Importantly, I do not find that the benefits of the reservation policy are captured by the educational elite, contrary to the popular notion. The SC quotas, in fact, benefitted the least-educated SC workers – those with less than secondary school level of education. For this group a 1 percentage increase in the employment quota increased the likelihood of securing a salaried job by 0.7 percentage points. 

Consistent with the results on employment, I find that employment quotas have a positive and significant effect on monthly per capita consumption expenditure – a measure of welfare – particularly for SCs with less than secondary school education and residing in rural areas. Employment quotas only increase consumption for the poorest households3, among highly educated SC persons in rural areas, further dispelling the notion of elite capture. 

Policy implications and future research agenda

In India, affirmative action in the form of quotas have been the primary tool to address gaps in a number of socioeconomic indicators that exist between SC/ST communities and the rest of the population. I find that the SC employment quotas improved SC employment prospects and welfare, especially for men in rural areas where there are more public sector jobs – especially clerical and menial jobs with lower educational requirements. This, along with the lack of evidence on elite capture, suggests that the policy is working as intended. 

However, several other policy-relevant questions need to be considered. It is important to understand the impact of employment quotas on the quality of job matching and productivity. For instance, research shows that banning the use of racial preferences in the admissions process at public colleges in California improved graduation rates, in part because the ban led to a more efficient sorting of minority students (Arcidiacono et al. 2014). There are however other contexts where there is no evidence of inefficient matching. For instance, research on the Indian Railways shows that reserved jobs had no impact on productivity (Deshpande and Weisskopf 2015).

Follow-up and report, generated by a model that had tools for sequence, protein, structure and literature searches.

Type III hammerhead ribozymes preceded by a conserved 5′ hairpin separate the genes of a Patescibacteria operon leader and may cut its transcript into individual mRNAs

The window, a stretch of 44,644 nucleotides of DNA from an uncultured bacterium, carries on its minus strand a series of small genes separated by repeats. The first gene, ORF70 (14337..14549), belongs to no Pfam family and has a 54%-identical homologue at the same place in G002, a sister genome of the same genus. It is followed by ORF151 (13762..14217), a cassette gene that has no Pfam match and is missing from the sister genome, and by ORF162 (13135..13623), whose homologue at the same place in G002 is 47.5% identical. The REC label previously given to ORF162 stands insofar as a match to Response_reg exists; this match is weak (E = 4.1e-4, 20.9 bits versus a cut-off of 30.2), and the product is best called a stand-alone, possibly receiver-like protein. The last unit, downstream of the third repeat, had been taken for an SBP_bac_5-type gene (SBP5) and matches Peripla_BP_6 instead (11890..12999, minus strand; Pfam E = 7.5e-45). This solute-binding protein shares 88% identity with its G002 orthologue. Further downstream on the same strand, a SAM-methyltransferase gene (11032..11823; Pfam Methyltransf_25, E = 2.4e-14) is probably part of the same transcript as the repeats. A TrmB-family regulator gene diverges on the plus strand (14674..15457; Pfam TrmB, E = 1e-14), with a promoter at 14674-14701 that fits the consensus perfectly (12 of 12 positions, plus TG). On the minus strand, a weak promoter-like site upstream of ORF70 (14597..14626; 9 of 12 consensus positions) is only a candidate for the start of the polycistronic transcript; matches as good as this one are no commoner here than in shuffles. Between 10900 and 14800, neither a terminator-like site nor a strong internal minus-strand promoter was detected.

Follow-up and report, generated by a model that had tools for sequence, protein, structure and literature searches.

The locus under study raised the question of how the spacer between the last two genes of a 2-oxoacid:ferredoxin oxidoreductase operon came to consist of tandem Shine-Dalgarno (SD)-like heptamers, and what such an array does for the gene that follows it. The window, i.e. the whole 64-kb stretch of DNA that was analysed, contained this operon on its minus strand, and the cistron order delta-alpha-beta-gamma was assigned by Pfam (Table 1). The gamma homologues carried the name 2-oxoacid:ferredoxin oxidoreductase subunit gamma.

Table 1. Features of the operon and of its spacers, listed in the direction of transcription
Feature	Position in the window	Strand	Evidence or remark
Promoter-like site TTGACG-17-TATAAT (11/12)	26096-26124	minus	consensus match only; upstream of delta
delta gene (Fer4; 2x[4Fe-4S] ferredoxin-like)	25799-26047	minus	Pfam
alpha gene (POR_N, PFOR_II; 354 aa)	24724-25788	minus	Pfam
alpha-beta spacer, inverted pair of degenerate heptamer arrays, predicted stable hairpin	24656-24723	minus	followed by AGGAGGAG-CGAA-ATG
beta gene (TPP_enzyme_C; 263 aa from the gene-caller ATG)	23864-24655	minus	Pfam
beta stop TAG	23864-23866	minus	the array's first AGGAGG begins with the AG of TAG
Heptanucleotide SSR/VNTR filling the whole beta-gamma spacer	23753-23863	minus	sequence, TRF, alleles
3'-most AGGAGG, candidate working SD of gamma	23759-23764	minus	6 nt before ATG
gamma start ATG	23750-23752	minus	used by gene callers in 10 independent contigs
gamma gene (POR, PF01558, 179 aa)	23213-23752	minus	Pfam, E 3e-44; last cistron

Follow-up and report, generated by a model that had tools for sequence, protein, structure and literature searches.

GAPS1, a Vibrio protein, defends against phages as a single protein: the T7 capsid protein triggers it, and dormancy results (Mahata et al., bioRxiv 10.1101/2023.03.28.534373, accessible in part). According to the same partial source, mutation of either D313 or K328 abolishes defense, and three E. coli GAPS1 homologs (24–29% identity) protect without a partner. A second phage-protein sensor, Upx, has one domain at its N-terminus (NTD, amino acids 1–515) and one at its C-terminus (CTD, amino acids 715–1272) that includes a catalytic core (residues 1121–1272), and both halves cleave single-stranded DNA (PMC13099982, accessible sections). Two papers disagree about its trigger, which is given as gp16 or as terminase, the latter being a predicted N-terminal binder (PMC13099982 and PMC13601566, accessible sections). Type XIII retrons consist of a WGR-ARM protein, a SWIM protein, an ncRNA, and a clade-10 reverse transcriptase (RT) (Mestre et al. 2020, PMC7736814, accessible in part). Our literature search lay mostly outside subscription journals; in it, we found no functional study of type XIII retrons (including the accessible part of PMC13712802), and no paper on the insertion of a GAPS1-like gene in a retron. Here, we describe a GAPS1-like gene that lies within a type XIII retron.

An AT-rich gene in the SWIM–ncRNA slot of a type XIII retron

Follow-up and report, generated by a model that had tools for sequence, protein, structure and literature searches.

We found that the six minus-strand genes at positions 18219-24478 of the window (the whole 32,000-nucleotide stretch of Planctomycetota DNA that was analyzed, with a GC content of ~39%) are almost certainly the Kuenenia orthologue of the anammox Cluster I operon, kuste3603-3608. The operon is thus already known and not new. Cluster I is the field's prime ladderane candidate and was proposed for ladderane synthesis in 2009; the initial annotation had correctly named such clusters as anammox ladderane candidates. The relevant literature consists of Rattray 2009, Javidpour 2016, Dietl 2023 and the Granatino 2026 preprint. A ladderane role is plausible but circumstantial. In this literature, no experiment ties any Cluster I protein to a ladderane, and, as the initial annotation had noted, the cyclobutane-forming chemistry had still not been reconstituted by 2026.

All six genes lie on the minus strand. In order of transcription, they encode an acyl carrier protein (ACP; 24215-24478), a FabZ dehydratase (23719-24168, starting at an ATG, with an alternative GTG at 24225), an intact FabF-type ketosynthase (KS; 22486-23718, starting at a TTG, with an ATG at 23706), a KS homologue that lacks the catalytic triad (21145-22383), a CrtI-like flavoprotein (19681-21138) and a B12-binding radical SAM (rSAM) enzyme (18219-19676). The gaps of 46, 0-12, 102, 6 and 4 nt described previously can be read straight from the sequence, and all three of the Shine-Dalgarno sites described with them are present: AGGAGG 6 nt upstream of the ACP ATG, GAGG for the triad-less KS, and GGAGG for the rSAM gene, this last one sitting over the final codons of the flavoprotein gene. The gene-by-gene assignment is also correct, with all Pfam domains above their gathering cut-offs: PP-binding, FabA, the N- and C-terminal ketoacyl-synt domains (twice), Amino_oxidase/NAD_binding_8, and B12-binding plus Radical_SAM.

Going forward, an important question in this regard is the long-run efficacy of quotas to meaningfully bridge outcome gaps between disadvantaged groups and the rest of the population, so that these communities will no longer require such benefits in the future. Although I find evidence that the policy is reaching its intended beneficiaries, it is more likely to achieve its aims if the process is more dynamic, and in line with evolving socioeconomic realities. Moreover, if these quotas are complemented with training programmes, any skill gaps that exist between the targetted population and the eligibility criteria for reserved jobs might also be reduced in the short run. In the long run, they may make the quota policy less relevant. 

This article was written with the assistance of Nikhilesh Prakash. 

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  1. Note that the variation is not based on all fluctuations in minority population shares, since this may affect minority outcomes though channels in addition to the employment quota. Instead, the empirical strategy to establish a causal impact between quotas and employment, takes advantage of the fact that there is a time lag between the setting of the quota (which happens every 10 years), and the population share in any given year (which changes yearly).
  2. The NSS data do not have a measure for public sector jobs specifically, and hence data on salaried jobs are used.
  3. Those within 10th percentile of monthly per capita consumption expenditure.

Further Reading

  • Arcidiacono, Peter, Esteban Aucejo, Patrick Coate and V Joseph Hotz (2014), “Affirmative Action and University Fit: Evidence from Proposition 209", IZA Journal of Labor Economics, 3(7).
  • Deshpande, A and TE Weisskopf (2015), ‘Does affirmative action reduce productivity? The case of Indian Railways’, Ideas for India, 21 January.
  • Khanna, G (2014), ‘Quotas and schooling decisions’, Ideas for India, 3 April.
  • Prakash, Nishith (2020), “The impact of employment quotas on the economic lives of disadvantaged minorities in India”, Journal of Economic Behavior and Organization, 180: 494-509.